The key seats
- Bethnal Green & Bow – Held by Respect’s George Galloway, he is stepping down to stand in nearby Poplar & Limehouse. Respect are standing Abjol Miah, leader of Respect’s team on Tower Hamlets council. The seat is 32nd on Labour’s target list, and could be one of their few gains across the country.
- Poplar & Limehouse – Following the redistribution, Labour holds this seat with an 11.5% margin over the Conservatives, closely followed by Respect. Sitting MP Jim Fitzpatrick, a junior minister since 2005, is being challenged by Respect MP George Galloway. This seat is also 105th on the Conservative target list, so could produce an interesting three-way contest with Labour being challenged from both left and right.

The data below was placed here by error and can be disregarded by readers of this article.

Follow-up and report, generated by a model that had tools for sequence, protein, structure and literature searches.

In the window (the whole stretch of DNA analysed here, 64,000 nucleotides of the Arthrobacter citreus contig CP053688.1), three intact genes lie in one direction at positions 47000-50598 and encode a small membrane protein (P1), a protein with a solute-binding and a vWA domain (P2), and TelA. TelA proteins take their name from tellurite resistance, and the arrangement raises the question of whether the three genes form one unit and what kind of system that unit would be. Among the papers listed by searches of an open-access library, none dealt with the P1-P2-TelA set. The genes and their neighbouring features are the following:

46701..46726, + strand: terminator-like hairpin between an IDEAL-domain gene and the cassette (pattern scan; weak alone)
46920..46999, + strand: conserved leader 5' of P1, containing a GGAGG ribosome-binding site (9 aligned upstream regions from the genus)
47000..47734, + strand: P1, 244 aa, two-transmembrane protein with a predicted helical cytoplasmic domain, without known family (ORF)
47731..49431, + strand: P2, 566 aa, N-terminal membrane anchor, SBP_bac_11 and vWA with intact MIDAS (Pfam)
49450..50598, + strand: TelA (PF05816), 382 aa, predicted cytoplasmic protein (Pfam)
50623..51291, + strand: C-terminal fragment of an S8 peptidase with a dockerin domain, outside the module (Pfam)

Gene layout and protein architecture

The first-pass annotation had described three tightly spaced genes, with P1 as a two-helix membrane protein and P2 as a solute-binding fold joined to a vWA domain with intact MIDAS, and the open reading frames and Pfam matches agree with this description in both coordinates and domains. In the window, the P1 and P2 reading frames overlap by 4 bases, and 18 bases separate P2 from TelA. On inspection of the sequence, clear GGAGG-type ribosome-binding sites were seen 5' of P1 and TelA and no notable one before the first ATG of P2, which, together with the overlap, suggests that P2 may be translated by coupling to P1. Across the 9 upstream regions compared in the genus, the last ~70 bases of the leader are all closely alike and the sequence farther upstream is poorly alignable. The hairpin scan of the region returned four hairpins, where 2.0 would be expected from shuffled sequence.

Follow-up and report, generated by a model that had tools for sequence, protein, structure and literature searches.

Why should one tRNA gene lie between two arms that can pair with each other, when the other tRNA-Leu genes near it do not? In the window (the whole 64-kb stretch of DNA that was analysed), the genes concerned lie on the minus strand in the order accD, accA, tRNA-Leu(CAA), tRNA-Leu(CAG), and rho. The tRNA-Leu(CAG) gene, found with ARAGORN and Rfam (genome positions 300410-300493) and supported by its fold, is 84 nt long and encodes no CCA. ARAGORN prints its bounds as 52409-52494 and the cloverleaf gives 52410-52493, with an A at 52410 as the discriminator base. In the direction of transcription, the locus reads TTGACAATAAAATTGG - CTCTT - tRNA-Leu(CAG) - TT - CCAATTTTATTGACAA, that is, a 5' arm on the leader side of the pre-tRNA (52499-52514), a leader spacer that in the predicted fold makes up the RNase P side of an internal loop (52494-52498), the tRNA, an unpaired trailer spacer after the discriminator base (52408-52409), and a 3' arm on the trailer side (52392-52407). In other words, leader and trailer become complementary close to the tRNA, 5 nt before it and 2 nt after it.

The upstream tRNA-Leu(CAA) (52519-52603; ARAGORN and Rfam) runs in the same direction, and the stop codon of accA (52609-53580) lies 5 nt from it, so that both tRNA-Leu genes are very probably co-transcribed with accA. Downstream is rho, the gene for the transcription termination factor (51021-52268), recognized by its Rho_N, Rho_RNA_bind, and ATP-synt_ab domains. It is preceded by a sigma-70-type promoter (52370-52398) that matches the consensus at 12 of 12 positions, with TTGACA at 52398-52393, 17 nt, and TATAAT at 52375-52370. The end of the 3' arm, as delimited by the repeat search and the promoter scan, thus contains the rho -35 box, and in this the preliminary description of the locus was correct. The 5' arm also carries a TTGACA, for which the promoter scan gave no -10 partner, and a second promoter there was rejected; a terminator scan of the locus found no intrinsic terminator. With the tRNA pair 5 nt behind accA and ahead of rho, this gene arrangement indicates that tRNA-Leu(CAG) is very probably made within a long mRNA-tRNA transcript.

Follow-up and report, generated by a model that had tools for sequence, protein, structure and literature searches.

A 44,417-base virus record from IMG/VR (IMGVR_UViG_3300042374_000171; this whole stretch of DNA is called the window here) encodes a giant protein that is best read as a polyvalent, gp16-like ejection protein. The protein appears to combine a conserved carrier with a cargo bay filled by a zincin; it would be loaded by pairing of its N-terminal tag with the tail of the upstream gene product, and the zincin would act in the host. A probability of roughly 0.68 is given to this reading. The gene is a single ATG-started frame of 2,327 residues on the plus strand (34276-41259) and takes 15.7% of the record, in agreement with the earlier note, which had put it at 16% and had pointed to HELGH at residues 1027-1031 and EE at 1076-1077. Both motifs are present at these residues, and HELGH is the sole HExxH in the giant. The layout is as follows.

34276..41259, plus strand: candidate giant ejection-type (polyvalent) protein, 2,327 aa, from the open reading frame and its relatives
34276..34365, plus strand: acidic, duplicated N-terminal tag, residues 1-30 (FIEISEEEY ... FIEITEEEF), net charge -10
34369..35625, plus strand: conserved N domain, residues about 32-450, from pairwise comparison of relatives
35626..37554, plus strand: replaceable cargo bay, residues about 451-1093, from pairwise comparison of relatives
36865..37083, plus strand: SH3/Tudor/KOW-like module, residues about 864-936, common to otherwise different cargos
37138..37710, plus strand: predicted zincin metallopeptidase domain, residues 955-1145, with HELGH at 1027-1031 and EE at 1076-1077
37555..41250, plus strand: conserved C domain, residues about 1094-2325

- Finchley & Golders Green, Crawley, Croydon Central and Battersea – these four seats are the first four seats on the Conservative target list. If there is any swing to the Conservatives, these seats should easily fall.
- Carshalton & Wallington, Richmond Park and Sutton & Cheam – These three Liberal Democrat seats are held by margins of less than 4% over the Conservatives, and could be vulnerable if there is a swing away from the LibDems to the Conservatives.
- Ealing Central & Acton – This seat is third on the Labour target list and ninth on the Lib Dem target list, making it a genuine three-cornered contest. The seat was won by Labour in 2005 but on UK Polling Report figures it is now a notionally Conservative seat.